Term Paper: Effects of Climate Change on Ocean Circulation

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The Effects of Climate Change on Ocean Currents

The Pentagon Report was released to the world media in 2004 predicting that the north Atlantic current would stop in the near future, bringing global catastrophe. It is known that in the past the ocean currents have been affected by changes in climate, although the lack of direct observations make it difficult for scientists to discover the exact nature of changes which are currently being observed. There have however been changes noted in currents in the Pacific and in the Atlantic Oceans related to climate change, suggesting that the events predicted in the Pentagon Report may occur at some stage in the future, although it is difficult to predict exactly when. If such changes in ocean current did occur, it is likely that the changes would impact on a global scale.


When the Pentagon Report was released to the media in 2004 it suggested that there would be catastrophic events which would occur over the course of the next few years as a direct result of global warming and climate change (Schwartz and Randall, 2004). The report predicted that at some time in the near future the currents in the Atlantic Ocean would stop, which would create all manner of impacts around the world, threatening U.S. national security. Since the report was released there have been all manner of stories which have been published either confirming or refuting the claims made in the report. This study aims to research the scientific basis of the claims made in the report and assess whether the event is likely to occur based on the available evidence.


The ocean system is one on which a large number of interrelated outside driving forces have an influence. These include currents, upwelling processes, ambient temperature and winds. These factors may all be influenced by climate change (Lutjeharms and Ruijter, 1996).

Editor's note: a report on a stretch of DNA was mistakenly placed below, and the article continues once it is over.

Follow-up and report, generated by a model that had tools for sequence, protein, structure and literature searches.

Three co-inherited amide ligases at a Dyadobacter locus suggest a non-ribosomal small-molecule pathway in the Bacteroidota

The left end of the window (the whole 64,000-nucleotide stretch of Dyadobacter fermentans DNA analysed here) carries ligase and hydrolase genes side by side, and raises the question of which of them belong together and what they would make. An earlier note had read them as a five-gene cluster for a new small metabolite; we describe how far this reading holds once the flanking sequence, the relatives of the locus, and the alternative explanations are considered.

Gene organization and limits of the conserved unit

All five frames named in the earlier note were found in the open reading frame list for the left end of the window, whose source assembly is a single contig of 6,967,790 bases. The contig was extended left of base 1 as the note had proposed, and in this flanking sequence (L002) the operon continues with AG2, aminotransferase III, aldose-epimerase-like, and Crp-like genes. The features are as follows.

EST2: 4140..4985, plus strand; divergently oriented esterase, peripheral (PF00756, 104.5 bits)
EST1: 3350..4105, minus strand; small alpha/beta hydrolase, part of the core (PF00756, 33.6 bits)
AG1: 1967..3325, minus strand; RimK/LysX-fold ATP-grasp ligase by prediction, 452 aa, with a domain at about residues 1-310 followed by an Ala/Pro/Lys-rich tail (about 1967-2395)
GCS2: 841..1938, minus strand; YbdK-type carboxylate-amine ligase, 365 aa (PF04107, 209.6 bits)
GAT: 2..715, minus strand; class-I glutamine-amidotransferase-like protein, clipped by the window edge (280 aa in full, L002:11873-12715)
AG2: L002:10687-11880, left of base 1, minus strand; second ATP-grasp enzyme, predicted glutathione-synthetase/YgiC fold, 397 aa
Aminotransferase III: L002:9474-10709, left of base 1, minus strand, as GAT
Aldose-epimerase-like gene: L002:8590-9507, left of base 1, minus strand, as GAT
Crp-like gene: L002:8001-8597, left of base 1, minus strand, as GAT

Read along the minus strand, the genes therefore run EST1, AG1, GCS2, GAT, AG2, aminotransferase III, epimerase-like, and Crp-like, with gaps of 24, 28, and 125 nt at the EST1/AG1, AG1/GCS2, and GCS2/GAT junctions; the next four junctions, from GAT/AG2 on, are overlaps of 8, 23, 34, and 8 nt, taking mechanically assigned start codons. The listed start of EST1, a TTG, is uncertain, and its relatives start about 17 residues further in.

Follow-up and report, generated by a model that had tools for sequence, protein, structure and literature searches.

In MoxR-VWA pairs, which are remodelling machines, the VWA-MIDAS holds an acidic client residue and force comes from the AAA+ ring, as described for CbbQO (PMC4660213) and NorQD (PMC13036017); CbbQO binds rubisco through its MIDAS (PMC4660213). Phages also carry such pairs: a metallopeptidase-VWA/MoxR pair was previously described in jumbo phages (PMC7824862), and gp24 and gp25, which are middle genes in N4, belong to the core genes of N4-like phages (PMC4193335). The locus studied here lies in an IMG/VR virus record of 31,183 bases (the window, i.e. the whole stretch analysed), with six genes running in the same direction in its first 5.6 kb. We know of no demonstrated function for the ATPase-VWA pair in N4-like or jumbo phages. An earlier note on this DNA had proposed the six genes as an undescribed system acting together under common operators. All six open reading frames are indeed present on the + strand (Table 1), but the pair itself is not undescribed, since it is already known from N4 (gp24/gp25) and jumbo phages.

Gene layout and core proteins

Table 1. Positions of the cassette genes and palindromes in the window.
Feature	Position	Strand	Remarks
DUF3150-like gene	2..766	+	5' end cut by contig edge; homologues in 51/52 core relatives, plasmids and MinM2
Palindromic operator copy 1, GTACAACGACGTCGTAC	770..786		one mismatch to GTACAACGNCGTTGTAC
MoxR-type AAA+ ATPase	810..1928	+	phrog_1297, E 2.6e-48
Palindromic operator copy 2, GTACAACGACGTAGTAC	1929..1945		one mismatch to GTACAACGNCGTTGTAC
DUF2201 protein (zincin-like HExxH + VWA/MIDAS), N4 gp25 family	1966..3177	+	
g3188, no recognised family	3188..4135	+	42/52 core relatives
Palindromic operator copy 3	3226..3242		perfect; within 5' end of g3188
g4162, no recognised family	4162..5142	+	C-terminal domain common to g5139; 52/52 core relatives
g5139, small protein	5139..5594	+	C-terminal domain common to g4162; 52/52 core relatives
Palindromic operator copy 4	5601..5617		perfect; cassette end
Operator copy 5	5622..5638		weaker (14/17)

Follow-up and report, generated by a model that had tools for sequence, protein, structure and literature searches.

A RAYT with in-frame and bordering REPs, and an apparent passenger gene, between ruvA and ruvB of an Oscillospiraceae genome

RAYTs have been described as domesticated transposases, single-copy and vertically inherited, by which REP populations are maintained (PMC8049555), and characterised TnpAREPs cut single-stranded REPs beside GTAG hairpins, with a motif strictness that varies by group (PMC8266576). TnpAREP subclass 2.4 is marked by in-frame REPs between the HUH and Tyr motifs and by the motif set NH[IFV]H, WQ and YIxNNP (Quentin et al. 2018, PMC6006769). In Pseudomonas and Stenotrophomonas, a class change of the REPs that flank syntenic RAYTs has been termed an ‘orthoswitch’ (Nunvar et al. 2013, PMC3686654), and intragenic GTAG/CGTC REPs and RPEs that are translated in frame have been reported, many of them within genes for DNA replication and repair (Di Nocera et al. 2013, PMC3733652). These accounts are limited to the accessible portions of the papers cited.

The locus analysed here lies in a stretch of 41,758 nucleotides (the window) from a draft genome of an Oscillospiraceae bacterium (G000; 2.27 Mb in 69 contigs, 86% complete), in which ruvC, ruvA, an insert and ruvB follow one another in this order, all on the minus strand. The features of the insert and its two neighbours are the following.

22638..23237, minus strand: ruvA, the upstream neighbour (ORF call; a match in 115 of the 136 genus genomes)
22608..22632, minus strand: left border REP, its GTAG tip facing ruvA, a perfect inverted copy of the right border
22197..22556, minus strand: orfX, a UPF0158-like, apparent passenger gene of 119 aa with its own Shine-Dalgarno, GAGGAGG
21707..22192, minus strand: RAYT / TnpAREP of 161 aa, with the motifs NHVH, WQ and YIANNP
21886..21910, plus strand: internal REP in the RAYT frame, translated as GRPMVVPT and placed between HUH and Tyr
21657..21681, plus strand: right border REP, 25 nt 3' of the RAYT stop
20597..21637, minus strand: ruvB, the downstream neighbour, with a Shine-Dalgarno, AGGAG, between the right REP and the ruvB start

There are indications that marine systems respond to climate change. For example temperature variations influence local currents and water column stratification. In the Pacific Ocean studies have been conducted into the consequences of El Nino Southern Oscillation (ENSO) events. ENSO is a result of the cyclic warming and cooling of the surface ocean of the central and eastern Pacific. During El Nino years the influence of upwelling cold waters decreases which causes the surface waters of the central and eastern Pacific to heat up. In comparison, when the upwelling of cold water is more intense than usual the La Nina event takes place. Climatic disturbances have also been observed in the western Mediterranean where the increase of summer temperatures of 2-3°C has resulted in the deepening of the thermocline. A similar climate induced disturbance has also been observed in the Indian Ocean and along the Caribbean coast (Danovaro et al., 2001).

It is difficult to assess, however the extent to which the current observations in the ocean systems indicate a problem. The short history of modern observations from the ocean mean that there is a lack of history from which to evaluate how the earth's current and circulation may have behaved in the past. This then makes it very difficult to determine whether any observed changes in the ocean currents may be part of a normal pattern of change, or related directly to climate change (McManus, 2006).


Figure 1 - Ocean Currents across the globe. Taken at http://www.wbgu.de/wbgu_sn2006_en/wbgu_sn2006_en_voll_2.html#Heading7


It is unknown whether the changes which can be observed in the oceans occur cyclically, stochastically, episodically or are long-term trends. Evidence of responses in the ecosystem to climate change is difficult to obtain, particularly in the deep sea (Danovaro et al., 2001). The usefulness of climate estimates and models depends entirely on the current level of understanding of the processes which drive ecological systems.